Add a pop of colour and personality to plain curtains, and let in maximum light with these quick and easy curtain tie backs! I’ll show you step by step how you can make them in minutes with simple materials and basic sewing skills.
My Window Covering Philosophy
I adore sunlight. Too many gloomy days in a row really affects my mood. And so I like to approach window dressing to let in the maximum amount of light, especially in rooms where I’d like to be able to see well for tasks, like my craft room or the kitchen. But privacy is also important to both of us, so we don’t want to be on display once it’s dark out.
The back of our house faces southwest, and in the summer, my husband’s office and my craft room get very sunny and very warm. When we moved in, we immediately hung blackout cellular shades to help keep the house cool on the most intense sunny days. They are a cost effective solution and they really do help.
But even when there are adequate blinds in place, I prefer the look of curtains for visual softness and interest. Adding fabric elements to a room also helps with sound absorption.
Craft Room Curtains
In both my husband’s office and my craft room, we were able to reuse handmade curtains that I had made for our previous apartment. They are a lovely off-white linen, lined with inexpensive broadcloth, and they filter the light beautifully.
We were finally able to hang the curtains in my craft room after the room was recently painted. They are a shorter length, which technically breaks design rules, but I have done so on purpose in this case. I often put my ironing board in front of the window when I’m sewing, and there’s often long fabric draping off, or threads and trimmings falling. I don’t want to step on the curtains, or continually have them covered in debris, especially since they are off-white.
Functionally, I tend to quickly pull the cellular shade at night, and leave the curtains open. I only plan to pull the curtains shut if I want to filter the light, such as when I’m taking photographs, or when the low winter sun is blinding me. But otherwise, I would like the curtains pulled open to let in maximum light from this small window.
Enter curtain tie backs! They are the perfect way to make sure curtains stay pulled back, and to add a pop of colour and personality to plain curtains. Since they don’t use much fabric, you can change them when your colour scheme changes, or even seasonally.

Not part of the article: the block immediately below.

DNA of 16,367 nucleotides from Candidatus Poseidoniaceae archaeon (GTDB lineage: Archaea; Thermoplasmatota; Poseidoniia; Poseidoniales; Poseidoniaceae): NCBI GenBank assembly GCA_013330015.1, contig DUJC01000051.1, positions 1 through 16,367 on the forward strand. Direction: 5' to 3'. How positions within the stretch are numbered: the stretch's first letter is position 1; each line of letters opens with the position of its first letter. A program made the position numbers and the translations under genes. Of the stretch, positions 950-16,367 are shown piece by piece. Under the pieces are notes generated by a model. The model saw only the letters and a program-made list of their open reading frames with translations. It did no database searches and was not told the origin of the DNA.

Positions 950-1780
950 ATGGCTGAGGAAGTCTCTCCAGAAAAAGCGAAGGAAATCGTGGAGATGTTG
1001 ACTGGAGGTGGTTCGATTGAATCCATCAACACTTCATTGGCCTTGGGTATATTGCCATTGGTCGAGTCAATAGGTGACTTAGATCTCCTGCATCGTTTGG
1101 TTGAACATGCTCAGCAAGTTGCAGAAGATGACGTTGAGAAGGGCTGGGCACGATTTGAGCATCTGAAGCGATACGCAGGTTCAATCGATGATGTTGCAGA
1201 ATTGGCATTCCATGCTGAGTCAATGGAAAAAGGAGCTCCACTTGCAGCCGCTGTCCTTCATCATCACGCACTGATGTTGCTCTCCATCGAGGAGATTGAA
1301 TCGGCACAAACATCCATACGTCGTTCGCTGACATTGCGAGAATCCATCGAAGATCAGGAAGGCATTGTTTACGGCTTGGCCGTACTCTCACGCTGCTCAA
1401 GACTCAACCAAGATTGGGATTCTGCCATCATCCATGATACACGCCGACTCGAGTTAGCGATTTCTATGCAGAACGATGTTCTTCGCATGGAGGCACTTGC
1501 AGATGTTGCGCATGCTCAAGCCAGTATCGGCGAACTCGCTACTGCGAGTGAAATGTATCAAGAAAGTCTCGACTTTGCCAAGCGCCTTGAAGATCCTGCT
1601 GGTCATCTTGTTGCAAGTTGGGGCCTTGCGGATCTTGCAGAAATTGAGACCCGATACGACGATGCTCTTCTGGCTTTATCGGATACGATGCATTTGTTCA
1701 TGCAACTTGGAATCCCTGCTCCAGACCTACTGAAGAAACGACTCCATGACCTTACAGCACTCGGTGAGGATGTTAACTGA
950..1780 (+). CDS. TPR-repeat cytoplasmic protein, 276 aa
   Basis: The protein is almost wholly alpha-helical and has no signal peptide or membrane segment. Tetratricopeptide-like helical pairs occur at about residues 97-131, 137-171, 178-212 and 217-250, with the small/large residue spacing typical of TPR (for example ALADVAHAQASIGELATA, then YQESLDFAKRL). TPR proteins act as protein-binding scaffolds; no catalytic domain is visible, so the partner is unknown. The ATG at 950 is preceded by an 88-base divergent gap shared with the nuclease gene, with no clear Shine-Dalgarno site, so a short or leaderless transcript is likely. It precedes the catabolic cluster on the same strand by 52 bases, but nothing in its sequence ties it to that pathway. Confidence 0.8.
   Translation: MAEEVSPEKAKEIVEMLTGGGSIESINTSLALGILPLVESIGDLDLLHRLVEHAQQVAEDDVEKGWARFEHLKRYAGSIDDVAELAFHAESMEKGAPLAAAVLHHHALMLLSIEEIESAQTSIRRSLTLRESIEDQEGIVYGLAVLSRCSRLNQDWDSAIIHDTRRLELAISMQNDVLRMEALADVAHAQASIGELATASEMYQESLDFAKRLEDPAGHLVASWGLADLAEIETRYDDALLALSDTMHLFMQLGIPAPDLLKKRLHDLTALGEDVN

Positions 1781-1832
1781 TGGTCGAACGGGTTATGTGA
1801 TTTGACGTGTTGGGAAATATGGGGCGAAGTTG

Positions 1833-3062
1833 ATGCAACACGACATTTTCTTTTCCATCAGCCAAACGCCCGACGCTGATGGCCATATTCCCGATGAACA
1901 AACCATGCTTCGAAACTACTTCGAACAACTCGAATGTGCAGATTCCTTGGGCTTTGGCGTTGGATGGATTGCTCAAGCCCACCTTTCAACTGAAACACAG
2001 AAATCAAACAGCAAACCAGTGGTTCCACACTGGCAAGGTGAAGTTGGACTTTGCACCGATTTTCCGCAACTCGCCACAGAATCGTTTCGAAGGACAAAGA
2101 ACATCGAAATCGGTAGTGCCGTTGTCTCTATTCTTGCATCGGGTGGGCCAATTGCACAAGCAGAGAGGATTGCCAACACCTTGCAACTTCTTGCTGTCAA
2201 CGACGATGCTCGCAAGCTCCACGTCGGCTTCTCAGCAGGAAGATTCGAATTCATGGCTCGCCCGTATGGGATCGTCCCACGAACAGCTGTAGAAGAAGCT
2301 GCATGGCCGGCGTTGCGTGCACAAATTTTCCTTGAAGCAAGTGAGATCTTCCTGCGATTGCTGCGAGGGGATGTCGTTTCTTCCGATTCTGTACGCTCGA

If you’re interested in other quick sewing tutorials, check out Easy DIY Plant Dusting Gloves, or Zippered Cushions with Piping. Or you might also like Anatomy of Fabric: 21 Top Terms to Know for Better Sewing.
To make curtain tie backs, let’s get started!
Materials to Make Tie Backs:
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To make these easy curtain tie backs you will need:
- A scrap of fabric at least 20 inches long. I’m using an approximately 11 x 20 inch scrap of quilting cotton. If you have wide curtains or ones made from bulky material, you may wish to use a piece longer than 20 inches.
- Matching thread
- Velcro (The sew on kind. Use a coordinating colour if you have it, or black or white because it won’t be visible)
- Rotary cutter and mat (though you could draw a paper rectangle pattern, pin it to the fabric and cut it with scissors)
- Scissors and pins
- Sewing machine
- A knitting needle or something pointy to poke out the corners
How to Sew Curtain Tie Backs
Step 1 – Iron your fabric and cut 4 equal pieces.
I worked with the size of my scrap of fabric to cut 4 equal pieces, each 2.75″ x 19″. The exact size doesn’t matter overly. I’m accounting for 1/4 inch seam allowance on all 4 sides. If you wish to have 1/2 inch seam allowance, you can cut larger pieces. Each of my finished tie backs will be about 2.25″ x 18.5″ when they’re laid flat.
If you have wide curtains or curtains made of a really bulky material, I would recommend cutting 4 pieces, each about 3.5″ x 25″ or so. This will result in a finished tie back about 3″ x 24.5″ with 1/4″ seam allowances. Then follow the same method below.